Sep 27, 2014; Clemson, SC, USA; North Carolina Tar Heels quarterback Marquise Williams (12) is brought down by Clemson Tigers defensive end Vic Beasley (3) during the second quarter at Clemson Memorial Stadium. Mandatory Credit: Joshua S. Kelly-USA TODAY Sports
“LEO” Defensive End
Starter: Vic Beasley
Reserves: O’Brien Schofield, Kroy Biermann
As we all know, the Falcons took Clemson edge rusher Vic Beasley with the eighth overall pick in the 2015 NFL Draft. He will immediately upgrade the pass rush and is an instant starter at Dan Quinn’s LEO position. His lightning quick first step and arsenal of pass rushing moves will give left tackles fits once he adjusts to the speed of the NFL.
Joshua S. Kelly-USA TODAY Sports
A lot has been made about Beasley being a poor run defender, but within this scheme he should be able to focus on setting the edge and keeping the running back inside the tackles.
Beasley will have to get better at run defense, so that could eat into his playing time early on, but his pass rushing prowess will still earn him a lion’s share of the snaps at LEO.
Coming over in free agency from Seattle, O’Brien Schofield brings valuable experience in Coach Quinn’s defense at both end spots. He has had knee problems in his career, causing him to fail a physical during the 2013 free agency.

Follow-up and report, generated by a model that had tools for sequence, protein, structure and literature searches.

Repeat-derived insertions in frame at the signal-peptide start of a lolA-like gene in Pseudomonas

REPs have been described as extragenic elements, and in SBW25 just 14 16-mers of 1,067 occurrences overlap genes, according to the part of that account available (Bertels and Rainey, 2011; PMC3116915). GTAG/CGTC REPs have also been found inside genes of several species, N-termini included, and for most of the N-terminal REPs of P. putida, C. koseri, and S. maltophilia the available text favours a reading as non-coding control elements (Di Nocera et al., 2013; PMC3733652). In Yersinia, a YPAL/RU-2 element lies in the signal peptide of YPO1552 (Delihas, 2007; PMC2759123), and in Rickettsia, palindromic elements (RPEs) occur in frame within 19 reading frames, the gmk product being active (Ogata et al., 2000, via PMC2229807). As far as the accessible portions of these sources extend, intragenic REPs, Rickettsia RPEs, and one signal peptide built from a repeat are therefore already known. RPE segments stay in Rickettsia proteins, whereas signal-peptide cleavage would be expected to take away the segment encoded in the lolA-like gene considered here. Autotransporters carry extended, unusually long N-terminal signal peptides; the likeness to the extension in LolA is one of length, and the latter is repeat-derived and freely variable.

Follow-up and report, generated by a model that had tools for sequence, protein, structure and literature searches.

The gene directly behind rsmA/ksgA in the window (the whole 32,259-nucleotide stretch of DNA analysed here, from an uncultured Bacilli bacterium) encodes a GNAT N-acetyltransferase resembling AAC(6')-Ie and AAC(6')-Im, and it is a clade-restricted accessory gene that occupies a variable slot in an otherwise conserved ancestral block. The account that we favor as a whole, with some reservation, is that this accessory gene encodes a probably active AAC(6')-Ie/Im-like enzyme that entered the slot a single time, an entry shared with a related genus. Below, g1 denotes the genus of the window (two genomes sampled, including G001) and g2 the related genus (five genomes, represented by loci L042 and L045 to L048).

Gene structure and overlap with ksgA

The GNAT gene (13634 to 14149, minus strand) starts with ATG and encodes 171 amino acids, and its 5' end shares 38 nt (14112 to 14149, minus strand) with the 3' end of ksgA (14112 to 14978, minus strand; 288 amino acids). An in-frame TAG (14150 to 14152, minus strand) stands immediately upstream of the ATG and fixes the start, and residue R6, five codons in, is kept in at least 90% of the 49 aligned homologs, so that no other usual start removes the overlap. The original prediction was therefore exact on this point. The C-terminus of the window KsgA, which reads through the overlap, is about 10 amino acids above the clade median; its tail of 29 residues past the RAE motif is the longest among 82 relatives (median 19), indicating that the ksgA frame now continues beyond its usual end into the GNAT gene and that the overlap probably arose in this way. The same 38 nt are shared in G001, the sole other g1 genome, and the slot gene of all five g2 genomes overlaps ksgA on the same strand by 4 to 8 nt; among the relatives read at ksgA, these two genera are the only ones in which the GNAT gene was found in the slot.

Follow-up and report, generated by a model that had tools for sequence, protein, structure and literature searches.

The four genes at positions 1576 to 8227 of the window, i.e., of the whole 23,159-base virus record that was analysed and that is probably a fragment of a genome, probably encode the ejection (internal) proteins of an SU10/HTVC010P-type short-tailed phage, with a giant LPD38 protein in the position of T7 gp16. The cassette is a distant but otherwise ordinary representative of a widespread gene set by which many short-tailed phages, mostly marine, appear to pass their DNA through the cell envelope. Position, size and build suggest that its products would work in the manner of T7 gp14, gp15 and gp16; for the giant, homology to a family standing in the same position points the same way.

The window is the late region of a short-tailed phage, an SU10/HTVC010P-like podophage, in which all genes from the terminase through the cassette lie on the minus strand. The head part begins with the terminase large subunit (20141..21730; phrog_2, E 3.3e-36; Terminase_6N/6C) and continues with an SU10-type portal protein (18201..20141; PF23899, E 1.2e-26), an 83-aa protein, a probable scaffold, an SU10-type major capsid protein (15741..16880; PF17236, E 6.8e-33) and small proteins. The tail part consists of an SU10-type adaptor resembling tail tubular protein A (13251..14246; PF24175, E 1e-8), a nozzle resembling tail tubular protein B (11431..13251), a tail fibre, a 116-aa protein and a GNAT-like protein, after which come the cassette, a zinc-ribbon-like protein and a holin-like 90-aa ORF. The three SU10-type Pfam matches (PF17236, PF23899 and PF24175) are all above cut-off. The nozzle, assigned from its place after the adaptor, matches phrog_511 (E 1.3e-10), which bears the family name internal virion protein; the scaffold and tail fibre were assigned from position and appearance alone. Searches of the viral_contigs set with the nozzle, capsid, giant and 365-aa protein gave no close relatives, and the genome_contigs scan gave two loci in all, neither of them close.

While that is a cause for concern going forward, he figures primarily to be a rotational pass rusher, probably getting no more than 35 percent of the snaps. He is still a versatile edge rusher who can thrive with a smaller share of the snaps.
Kroy Biermann has become a so-called swiss army knife because of his ability to play multiple roles, just like Schofield. I, like many, am not the biggest Biermann fan, but he should never have been asked to play a full-time role. In a reduced role, he can be a very useful addition to the team.
He can also play both end spots, as well as some outside linebacker. However, most of his snaps can be expected to come from the end positions, spelling Beasley on run downs until he becomes a solid run defender.
Quinn has also tossed around the idea of getting Prince Shembo some snaps at LEO, and that may well happen. However, Shembo has a skill set that fits well at the SAM position where he can apply pressure from the strongside.
Beasley is the crown jewel in Quinn’s pass rusher collection though, and his snap count at the LEO spot should allow him to push for double digit sacks.
Next: Defensive tackle